Fun in the Sun -- Cape Blanco State Park -- Aug 18 to ?
Man, since we didn't have reservations anywhere, we hauled ourselves out of bed and got moving, leaving Eureka CA close to 8 am. We limped into Oregon on fumes, knowing that gas prices were 50 cents lower than in coastal NorCal, and filled Tergel up in Brookings. GasBuddy.com is our friend. Our original aim was Humbug Mountain State Pk, but that didn't suit either of us (a glance is all it takes), so we crossed our fingers and continued north a few miles above Port Orford to Cape Blanco State Pk. The entrance sign on Hwy 101 said, "Campground Full." Uh-oh. Well, that never stopped me and I didn't hesitate today; it doesn't hurt to check. Not a problem ... the park had lots of sites available. We camped here in 2009 and now we're back! Good deal.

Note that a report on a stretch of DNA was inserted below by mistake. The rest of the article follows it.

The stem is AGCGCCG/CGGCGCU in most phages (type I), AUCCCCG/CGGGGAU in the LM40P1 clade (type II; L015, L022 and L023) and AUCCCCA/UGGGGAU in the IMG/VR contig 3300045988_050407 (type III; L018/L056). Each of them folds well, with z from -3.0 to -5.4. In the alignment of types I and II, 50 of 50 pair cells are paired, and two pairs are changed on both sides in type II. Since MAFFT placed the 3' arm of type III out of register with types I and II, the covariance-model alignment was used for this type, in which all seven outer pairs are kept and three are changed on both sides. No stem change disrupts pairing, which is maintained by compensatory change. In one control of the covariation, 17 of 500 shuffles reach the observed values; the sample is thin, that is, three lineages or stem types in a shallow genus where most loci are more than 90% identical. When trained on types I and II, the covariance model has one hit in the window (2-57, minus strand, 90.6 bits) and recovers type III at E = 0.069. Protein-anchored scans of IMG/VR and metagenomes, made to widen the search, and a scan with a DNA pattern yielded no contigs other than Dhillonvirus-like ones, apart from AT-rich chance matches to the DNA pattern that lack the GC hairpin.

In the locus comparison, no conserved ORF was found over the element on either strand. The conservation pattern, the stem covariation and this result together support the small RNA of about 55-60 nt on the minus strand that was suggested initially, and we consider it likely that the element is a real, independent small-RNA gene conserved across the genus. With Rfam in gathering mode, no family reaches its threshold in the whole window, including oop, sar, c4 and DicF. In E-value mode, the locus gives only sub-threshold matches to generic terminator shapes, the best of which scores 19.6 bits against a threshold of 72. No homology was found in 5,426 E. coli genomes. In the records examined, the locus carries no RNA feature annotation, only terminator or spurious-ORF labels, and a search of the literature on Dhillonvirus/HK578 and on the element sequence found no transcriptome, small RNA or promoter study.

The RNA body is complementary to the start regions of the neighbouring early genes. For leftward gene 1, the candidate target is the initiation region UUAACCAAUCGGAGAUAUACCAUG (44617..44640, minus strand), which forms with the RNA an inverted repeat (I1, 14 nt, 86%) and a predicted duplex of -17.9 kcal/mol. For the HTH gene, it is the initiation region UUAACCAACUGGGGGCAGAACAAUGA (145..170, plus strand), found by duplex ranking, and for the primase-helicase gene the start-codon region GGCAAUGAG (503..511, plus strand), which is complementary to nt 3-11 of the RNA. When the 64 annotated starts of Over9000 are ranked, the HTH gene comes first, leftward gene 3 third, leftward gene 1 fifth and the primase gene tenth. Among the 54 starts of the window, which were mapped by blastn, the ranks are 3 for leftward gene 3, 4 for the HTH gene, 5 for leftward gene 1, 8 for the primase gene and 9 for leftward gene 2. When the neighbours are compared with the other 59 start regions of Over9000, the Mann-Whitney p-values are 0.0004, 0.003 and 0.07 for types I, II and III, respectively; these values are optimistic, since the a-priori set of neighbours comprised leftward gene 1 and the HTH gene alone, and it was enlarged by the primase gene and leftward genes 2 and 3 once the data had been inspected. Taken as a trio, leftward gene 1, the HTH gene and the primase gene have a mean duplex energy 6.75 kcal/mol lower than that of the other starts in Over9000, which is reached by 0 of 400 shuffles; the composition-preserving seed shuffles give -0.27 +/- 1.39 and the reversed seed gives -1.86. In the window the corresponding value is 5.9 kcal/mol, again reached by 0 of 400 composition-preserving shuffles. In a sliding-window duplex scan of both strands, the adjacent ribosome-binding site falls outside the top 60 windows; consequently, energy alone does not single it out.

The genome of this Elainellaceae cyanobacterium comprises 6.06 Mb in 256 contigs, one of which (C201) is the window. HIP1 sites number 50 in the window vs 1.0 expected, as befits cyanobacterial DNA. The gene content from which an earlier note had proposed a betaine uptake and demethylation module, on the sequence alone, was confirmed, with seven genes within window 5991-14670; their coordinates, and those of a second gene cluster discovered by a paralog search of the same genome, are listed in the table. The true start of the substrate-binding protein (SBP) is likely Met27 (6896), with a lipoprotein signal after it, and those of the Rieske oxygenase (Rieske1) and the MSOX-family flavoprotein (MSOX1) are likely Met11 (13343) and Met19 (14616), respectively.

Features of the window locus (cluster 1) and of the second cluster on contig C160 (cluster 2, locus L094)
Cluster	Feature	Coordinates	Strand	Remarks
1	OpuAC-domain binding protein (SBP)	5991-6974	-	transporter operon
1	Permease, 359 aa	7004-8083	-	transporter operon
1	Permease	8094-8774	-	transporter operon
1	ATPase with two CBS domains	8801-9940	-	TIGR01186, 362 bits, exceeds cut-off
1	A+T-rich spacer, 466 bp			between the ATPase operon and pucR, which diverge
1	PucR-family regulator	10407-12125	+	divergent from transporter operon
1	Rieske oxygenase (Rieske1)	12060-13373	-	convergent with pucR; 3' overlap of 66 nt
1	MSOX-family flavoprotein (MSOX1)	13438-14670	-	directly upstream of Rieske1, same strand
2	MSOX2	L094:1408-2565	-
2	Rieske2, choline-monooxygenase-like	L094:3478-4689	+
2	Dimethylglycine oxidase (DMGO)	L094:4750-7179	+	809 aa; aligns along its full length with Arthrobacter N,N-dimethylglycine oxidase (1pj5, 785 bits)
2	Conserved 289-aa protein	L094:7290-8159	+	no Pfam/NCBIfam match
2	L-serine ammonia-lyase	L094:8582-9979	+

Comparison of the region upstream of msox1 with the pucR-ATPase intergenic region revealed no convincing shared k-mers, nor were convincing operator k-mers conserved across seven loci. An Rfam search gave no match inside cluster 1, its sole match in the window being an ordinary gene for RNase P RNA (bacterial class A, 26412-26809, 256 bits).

After setting up camp in a wide, private W/E site, we drove down to the beach (Jimmy's new knee didn't need two days in a row of steep up/down). High tide was ebbing. Cape Blanco Lighthouse sits atop the distant headland. The beach is lovely, wide and sandy, perfect for digging toes in the sand. Not many rocks can be found on the beach, but a lady bug found one.
Windswept Cape Blanco is a prominent headland forming the westernmost point in the state. This cliff-faced, level-topped landform is lashed by waves on three sides and towers 200' above the surf. Behind me, Needle Rock juts from the water like an obelisk. It's also home to lots o' Pelagic Cormorants.
Jimmy found a Gandalf stick in the debris pile. Windswept, indeed!
Camel ride, anyone?
We can only guess at the wind and waves that create a massive sand dune like the one I tried to climb, but didn't -- the sand burned my feet. I turned tail, and ran to the water.
From this angle, Needle Rock looks like a ship's bow.
The cold water felt good for approximately three seconds. Then my feet froze.
Notice Moby Dick floating atop the ocean, upper right?
Think we'll hang around here for a few days!